The last decade has seen a rapid global energy transition, with the installed capacity of solar and wind power increasing more than six-fold from 239 GW at the end of 2010 to 1503 GW at the end of 2020, on the back of a dramatic fall in the cost of renewables. Japan has been slower than the rest of the world to make the switch due to the country's obsession with conventional energy sources such as nuclear and coal-fired power, but the expansion of renewables is progressing. The national target of 22-24% renewable electricity in 2030 has been reached almost a decade ahead of schedule, and the cost of solar power is expected to soon become the cheapest source of electricity in Japan.
Renewable Energy Institute plays a leading role in driving this expansion of renewables in Japan. Our recommendations have led to a number of national policies, including reforms to clarify and reduce the high cost structure of solar and wind power in Japan, a “connect and manage” concept, which prioritizes renewables in the grid management, and construction plans for HVDC to enable large amounts of renewable electricity transmission.
At the same time, Renewable Energy Institute's research revealed that new coal-fired power generation, which the government calls "highly efficient," is counterproductive to combating climate change and risky for business, leading to the cancellation of several projects and policy changes.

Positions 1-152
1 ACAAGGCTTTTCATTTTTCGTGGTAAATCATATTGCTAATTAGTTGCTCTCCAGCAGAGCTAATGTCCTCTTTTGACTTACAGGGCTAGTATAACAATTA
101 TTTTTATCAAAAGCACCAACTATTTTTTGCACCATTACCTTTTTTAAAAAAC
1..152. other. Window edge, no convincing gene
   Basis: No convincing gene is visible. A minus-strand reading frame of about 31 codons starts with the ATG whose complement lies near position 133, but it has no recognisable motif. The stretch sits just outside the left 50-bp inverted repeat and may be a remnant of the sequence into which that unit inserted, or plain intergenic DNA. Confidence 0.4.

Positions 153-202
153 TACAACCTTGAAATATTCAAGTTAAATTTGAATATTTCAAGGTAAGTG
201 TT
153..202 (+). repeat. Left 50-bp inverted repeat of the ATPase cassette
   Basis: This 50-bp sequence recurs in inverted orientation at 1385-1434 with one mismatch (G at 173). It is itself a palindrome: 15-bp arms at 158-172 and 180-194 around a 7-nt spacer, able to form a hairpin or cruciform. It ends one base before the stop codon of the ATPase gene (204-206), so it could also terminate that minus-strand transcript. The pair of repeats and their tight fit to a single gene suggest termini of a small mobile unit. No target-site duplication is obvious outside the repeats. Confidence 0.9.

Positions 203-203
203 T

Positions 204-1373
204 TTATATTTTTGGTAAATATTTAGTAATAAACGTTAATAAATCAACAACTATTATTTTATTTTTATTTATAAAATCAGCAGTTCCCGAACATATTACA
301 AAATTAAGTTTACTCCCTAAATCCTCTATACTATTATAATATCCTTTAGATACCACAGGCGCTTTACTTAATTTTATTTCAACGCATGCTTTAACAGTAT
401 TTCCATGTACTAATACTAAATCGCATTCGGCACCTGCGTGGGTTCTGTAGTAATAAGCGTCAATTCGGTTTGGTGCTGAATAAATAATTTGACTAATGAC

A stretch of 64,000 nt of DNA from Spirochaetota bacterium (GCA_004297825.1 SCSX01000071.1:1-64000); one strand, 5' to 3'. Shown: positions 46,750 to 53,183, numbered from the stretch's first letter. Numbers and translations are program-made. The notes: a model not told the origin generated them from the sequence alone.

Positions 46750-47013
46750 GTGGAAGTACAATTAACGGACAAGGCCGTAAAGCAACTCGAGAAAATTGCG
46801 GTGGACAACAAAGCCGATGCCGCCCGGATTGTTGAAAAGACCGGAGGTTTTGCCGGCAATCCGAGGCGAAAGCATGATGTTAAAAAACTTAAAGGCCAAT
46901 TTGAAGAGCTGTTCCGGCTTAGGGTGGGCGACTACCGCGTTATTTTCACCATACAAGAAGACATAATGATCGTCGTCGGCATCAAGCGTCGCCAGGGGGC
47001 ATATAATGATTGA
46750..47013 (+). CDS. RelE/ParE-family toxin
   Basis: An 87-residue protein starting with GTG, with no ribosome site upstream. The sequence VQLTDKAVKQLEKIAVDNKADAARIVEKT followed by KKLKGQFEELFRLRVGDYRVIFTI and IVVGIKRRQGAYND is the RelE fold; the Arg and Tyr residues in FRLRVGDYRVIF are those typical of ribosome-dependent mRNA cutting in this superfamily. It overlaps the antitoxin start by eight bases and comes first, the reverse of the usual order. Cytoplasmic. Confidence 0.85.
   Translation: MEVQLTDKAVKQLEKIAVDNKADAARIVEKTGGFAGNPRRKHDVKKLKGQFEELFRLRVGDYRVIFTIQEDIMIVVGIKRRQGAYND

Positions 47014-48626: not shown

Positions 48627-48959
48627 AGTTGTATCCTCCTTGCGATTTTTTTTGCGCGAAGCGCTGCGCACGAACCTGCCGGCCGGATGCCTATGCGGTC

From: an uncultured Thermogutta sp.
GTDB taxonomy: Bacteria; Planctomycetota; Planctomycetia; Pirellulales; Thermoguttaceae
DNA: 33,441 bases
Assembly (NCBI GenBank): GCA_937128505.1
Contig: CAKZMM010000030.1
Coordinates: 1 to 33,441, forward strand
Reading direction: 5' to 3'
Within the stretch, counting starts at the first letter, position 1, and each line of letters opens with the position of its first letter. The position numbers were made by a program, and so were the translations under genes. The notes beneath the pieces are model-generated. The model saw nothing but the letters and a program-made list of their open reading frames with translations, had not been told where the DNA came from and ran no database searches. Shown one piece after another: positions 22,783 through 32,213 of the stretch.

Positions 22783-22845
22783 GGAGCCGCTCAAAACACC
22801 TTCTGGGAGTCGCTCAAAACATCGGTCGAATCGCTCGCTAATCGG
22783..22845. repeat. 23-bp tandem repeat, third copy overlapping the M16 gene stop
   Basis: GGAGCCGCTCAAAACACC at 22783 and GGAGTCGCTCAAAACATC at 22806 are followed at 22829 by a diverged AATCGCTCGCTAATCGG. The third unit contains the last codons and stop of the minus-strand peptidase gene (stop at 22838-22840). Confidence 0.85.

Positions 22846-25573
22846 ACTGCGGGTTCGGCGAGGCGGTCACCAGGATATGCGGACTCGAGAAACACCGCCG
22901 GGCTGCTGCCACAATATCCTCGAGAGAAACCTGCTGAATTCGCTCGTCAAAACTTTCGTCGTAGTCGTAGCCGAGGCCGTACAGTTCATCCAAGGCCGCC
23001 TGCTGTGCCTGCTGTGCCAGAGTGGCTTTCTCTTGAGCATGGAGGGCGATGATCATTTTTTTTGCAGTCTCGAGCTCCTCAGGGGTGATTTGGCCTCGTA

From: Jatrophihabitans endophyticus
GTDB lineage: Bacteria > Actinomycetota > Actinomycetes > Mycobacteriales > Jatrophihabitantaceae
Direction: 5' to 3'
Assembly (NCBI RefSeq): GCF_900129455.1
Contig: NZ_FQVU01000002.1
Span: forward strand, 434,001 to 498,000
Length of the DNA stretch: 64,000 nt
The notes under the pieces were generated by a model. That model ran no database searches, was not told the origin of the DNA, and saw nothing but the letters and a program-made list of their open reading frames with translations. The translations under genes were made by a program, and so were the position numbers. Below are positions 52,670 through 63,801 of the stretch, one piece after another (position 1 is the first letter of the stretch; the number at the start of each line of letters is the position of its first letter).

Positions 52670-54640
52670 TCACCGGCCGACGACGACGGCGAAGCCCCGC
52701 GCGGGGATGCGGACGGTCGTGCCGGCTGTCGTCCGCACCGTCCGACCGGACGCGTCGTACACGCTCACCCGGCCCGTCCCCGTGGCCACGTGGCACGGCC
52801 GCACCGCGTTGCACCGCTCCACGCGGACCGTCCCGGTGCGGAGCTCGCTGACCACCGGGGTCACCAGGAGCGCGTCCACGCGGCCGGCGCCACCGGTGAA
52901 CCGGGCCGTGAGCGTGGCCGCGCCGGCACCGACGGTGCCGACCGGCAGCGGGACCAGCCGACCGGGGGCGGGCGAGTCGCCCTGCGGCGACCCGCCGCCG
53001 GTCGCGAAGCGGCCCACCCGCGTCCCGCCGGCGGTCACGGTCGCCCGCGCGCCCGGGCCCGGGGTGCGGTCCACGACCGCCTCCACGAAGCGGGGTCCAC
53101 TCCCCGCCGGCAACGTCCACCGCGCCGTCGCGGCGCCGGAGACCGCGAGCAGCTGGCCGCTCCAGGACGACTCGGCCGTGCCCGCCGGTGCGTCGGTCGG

In the debate over the revision of the Basic Energy Plan since last year, the Institute showed empirically that 45% of electricity could be supplied by renewables in 2030, providing a theoretical basis for the 40-50% target proposed by many companies and local governments. We have also published a 100% renewables scenario for decarbonization, driving a wedge between attempts to keep the 2050 renewables target low.
In addition, the Institute is part of the secretariat of the Japan Climate Initiative, the country's largest non-state actor network on climate change, working with many companies and municipalities on energy transition. We also work with two renewable energy councils, comprising prefectures and government-designated cities. The activities of the Renewable Energy User Network (RE-Users) provide practical know-how to companies to promote the procurement of renewables such as RE100.
The Sixth Assessment Report of the Intergovernmental Panel on Climate Change’s Working Group 1, published in August 2021, declared that “It is unequivocal that human influence has warmed the atmosphere, ocean and land. Widespread and rapid changes in the atmosphere, ocean, cryosphere and biosphere have occurred.” To avert a catastrophic climate crisis, the pace of Japan's and the world's energy transition must be much faster, however, there is a persistent drive in Japan to use decarbonization as an excuse to extend the life of nuclear power and build new plants, and to use CCS, which is nowhere near a reality, as a basis for continuing to use coal-fired power.
Renewable Energy Institute commits to fulfilling its role as the only energy policy thinktank in Japan to propose a clear vision for a decarbonized society based on 100% renewables, and an energy transition by 2030 that phases out coal-fired and nuclear power. We will also use these policy recommendations as a basis for collaboration with the many businesses, local governments, civil society and academics that are calling for stronger climate actions and an energy transition.
We look forward to your support as we move into the next decade.